# Union of intersecting connected sets is connected

$A$ and $B$ are connected sets. If the intersection of $A$ and $B$ is not empty, prove that the subspace $A \cup B$ is connected.

My proof: Assume that the union of $A$ and $B$ is not connected, then there exists a clopen set $U$ of the union of $A$ and $B.$ As $U$ is open, $M = U \cap A$ is open in $A,$ so the complement of $M$ is closed in $A.$

As $U$ is closed in $A \cup B$, the complement of (A u is open. So the complement of $M$ is open. So $M$ is a clopen subset and complement of $M$ is a clopen subset in $A.$ So $A$ is not connected. A contradiction. So $A \cup B$ must be connected.

I'm not sure if my proof is correct. Please help. thanks

• At which point did you use that the intersection is non-empty? – Carsten S Dec 9 '13 at 12:01
• You forgot something import in the definition of a connected space. – Carsten S Dec 9 '13 at 12:03
• What did I forget? – user110969 Dec 9 '13 at 12:10
• It is a one-liner if you can use: a space $X$ is connected iff every continuous map $f:X\longrightarrow \{0,1\}$ is constant. – Julien Dec 9 '13 at 12:12
• Can you show me a way that does not need the mapping? – user110969 Dec 9 '13 at 12:15

## 1 Answer

Your proof is wrong. Now if you follow it step by step then it may seem that every step is correct. But it is easy to see that the proof has to be wrong if you take a step back. Which of the prerequisites do you use at which step? If you look at the proof you will see that you only use that $A$ is connected, you use neither that $A\cap B\ne\emptyset$ nor that $B$ is connected. So if your proof was correct, then it would also prove that whenever $A$ is connected that so is $A\cup B$, no matter what $B$ is. This is obviously false. So now you only need to take a counterexample to that stronger (false) claim and work through your proof with that example in mind. A possible counterexamples is $A=[0,1]$, $B=[2,3]$. Here, $A$ and $B$ are connected, but $A\cup B$ is not. Of course, $A\cap B$ is empty. Now in your proof you would start with a set $U$ which is clopen in $A\cup B$. This could be $A$. Now you consider $M=U \cap A$. So in this example $M$ is just $A$. Now according to your proof, $M$ should be clopen in $A$. Is it? And if so, this should show that $A$ is not connected. Does it?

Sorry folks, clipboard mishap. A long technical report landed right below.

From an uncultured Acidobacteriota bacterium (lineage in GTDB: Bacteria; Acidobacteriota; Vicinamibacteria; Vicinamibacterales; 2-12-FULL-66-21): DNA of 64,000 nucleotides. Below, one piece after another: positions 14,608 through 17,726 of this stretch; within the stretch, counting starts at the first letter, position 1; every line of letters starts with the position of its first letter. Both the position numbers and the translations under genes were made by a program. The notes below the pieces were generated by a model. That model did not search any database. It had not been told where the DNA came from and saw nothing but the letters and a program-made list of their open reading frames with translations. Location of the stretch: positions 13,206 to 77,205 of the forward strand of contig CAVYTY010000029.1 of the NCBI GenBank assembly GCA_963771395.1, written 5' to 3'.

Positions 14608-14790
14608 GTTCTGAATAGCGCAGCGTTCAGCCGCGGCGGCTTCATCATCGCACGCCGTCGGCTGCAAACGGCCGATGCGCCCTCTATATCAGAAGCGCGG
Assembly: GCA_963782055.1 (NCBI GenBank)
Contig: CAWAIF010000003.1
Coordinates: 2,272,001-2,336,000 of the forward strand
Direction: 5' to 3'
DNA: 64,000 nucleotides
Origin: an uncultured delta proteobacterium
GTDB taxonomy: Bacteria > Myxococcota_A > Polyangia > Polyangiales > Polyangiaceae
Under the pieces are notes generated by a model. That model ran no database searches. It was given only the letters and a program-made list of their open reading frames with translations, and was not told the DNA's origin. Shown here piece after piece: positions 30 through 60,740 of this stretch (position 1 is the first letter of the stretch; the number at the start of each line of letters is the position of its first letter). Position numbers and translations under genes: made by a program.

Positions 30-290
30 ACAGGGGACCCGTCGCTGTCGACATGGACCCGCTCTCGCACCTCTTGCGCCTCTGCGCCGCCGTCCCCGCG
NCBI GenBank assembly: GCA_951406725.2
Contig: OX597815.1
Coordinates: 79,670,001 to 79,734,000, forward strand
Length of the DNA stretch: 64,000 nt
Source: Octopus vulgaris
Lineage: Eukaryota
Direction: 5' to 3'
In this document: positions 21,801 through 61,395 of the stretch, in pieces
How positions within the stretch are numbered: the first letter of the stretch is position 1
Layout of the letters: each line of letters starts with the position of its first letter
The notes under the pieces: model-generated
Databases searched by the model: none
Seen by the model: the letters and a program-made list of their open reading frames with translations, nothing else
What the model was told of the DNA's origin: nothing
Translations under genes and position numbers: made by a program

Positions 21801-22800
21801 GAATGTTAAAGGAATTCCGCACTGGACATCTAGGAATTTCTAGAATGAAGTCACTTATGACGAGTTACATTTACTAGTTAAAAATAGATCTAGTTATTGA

At this point you should be able to see what goes wrong and possibly check if you really understood the definition of connectivity.